The assurance of a calling is a precious thing indeed. This year, after two years of asking God why, I saw and understood with clarity why I am where I am right now, with all prevailing circumstances, as if a portion of faith truly became sight. There is no shadow of doubt in my mind that I am where I need to be, doing what I’m supposed to do, and it is a marvelous feeling to have this assurance as spiritual bedrock in my life.
Yet, it turns out that having this assurance is not all there is to it, because even though the assurance exists, it doesn’t mean that it feels marvelous in a sparkly and fireworks-y kind of way every day.
There are days when the assurance feels glorious. Usually, its first revelation heralds the honeymoon phase where your soul swells in gratitude every moment of your being. I’m glad to say, however, that once the honeymoon phase is over, these days still happen a lot. But there are the other days, when the sparkles and the magical dust settle, and you are left with the small and seemingly mundane things, and the question of faithfulness has nothing to do with your feeling or mood. On these days, the thought of your calling may elicit reactions such as the terrible “Ugh..” To make matters worse, you are tempted to look around and compare your calling with others’, and you end up transgressing the tenth commandment in a paradoxically sanctified (but not) kind of way, namely coveting other people’s calling.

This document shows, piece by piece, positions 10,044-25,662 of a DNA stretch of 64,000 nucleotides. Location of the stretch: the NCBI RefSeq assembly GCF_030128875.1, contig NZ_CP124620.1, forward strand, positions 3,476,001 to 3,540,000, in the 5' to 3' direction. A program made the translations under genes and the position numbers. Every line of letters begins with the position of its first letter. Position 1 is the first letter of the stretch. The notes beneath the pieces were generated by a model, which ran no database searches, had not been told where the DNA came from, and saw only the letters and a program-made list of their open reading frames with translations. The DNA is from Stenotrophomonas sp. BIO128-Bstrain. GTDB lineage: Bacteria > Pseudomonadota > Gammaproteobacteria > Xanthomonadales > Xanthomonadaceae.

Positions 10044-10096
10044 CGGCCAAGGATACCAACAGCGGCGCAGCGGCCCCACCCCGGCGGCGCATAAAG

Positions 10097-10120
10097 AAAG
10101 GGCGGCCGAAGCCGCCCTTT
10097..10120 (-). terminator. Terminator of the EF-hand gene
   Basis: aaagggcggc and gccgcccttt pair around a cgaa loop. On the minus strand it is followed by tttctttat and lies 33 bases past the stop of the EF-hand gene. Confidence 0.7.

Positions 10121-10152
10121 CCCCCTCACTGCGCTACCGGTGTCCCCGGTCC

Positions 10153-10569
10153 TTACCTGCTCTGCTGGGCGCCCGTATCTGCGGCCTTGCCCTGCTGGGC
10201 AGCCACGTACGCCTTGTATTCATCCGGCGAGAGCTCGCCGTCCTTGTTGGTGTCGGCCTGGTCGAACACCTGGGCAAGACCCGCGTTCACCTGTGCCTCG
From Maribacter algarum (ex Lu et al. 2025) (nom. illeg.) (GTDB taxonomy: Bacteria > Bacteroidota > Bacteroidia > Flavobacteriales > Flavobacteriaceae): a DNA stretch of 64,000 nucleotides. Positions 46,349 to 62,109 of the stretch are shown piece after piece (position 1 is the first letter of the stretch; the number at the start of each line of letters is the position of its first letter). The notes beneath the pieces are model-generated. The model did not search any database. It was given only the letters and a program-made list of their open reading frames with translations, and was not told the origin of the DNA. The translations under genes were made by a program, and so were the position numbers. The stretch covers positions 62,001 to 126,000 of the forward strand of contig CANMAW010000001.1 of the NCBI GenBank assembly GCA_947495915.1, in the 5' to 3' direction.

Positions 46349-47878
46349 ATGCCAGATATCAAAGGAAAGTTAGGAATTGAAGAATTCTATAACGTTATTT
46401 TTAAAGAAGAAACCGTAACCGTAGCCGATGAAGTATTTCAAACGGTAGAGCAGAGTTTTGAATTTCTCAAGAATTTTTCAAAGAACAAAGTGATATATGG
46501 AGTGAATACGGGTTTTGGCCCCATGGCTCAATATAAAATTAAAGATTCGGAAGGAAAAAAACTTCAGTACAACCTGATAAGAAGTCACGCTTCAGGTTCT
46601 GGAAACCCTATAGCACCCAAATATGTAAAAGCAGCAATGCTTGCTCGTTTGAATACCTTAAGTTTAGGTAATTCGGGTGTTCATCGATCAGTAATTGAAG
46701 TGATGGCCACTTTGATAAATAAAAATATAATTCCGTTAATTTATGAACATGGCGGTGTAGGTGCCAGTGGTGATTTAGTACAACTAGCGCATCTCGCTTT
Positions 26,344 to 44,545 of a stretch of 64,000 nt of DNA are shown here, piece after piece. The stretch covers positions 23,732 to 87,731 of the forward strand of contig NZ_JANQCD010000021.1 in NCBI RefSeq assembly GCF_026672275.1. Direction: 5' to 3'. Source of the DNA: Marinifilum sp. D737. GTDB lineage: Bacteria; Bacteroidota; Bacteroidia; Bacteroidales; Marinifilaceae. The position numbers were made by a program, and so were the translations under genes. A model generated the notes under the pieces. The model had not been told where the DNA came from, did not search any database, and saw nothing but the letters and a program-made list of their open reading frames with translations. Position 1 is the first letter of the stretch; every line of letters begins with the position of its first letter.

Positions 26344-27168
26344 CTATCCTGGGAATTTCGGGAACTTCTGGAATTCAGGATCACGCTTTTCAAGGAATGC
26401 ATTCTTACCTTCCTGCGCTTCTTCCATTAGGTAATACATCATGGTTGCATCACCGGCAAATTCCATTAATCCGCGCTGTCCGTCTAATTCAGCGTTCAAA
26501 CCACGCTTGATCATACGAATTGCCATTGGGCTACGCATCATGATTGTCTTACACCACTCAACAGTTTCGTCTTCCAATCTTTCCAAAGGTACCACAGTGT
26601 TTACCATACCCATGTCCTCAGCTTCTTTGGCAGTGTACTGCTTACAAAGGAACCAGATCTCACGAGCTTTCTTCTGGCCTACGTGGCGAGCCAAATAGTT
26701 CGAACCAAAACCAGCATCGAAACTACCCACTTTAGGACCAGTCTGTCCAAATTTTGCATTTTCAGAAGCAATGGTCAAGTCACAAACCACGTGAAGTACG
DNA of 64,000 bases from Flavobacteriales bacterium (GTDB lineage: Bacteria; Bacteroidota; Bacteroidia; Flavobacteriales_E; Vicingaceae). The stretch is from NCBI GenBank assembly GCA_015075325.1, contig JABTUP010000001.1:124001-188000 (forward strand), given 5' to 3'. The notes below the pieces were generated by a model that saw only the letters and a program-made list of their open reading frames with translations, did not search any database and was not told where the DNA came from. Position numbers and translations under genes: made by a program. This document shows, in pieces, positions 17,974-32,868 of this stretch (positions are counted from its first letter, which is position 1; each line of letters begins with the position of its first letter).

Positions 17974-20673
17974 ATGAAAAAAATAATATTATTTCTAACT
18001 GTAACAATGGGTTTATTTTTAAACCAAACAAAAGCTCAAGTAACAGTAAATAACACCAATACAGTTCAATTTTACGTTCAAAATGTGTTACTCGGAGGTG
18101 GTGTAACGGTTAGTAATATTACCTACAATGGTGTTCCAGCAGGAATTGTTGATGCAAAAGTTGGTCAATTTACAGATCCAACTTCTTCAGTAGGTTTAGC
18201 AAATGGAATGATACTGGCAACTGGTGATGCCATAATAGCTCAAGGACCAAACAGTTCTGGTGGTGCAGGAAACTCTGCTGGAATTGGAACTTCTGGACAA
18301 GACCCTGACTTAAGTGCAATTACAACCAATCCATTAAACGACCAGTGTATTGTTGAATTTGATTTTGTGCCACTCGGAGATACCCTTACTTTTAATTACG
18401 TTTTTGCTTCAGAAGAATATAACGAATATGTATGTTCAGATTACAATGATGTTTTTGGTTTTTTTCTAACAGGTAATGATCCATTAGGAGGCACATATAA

Discontentment is like yeast. It starts with something so small, like a discouraging thought or a carelessly spoken word, but it can leaven an entire lump of spiritual life. But thankfully, unlike leavened bread, this spiritual leavening is not irreversible. And I think, the remedy for this condition, or even better, a way to avoid this whole thing, is a potion called love and commitment.
The thing that makes a calling grand is not so much in the calling itself, but in the Person behind the calling. He’s the reason why I responded to the calling in the first place. And so every day that I live, especially on those non-sparkly days, I need to remember my first love and renew my commitment. It is the Lord whom I have loved and committed my life to, and so whatever He says, I will do. He’s the One I love, for better and for worse, in sickness and in health, and my love for the calling will come naturally via my love to the Person. “Every burden is light, for the yoke that Christ imposes is easy. Duty becomes a delight, and sacrifice a pleasure. The path that before seemed shrouded in darkness, becomes bright with beams from the Sun of Righteousness.” (Steps to Christ, p. 59) I think this is what Jesus meant by “if you love me, keep my commandments.” (John 14:15) Why of course, if you love someone, why wouldn’t you want to do everything that this person says?
There is something about re-expressing love and commitment verbally to the object of one’s affection that heals and silences questions in the heart. It gives one strength to bear hardships no matter what happens. So, why wouldn’t I do it every day?
…Obedience is not a mere outward compliance, but the service of love… Obedience—the service and allegiance of love—is the true sign of discipleship.” (Steps to Christ, p. 60)
What is it like
to wake up from your musing
to find the mist clearing up before your eyes
and see glimpses of the world beyond
What is it like
to stand at the edge of a dream
to discover that reality looks somewhat familiar
because you’ve seen it in your sleep
What is it like
to realize that talks of changing the world in times past
are not so far-fetched after all
and your hands can seize and mold the presence
What is it like
to awaken with a thrill in your heart
to feel its reverberation in your soul
and find that these are the days
when life is better than dreams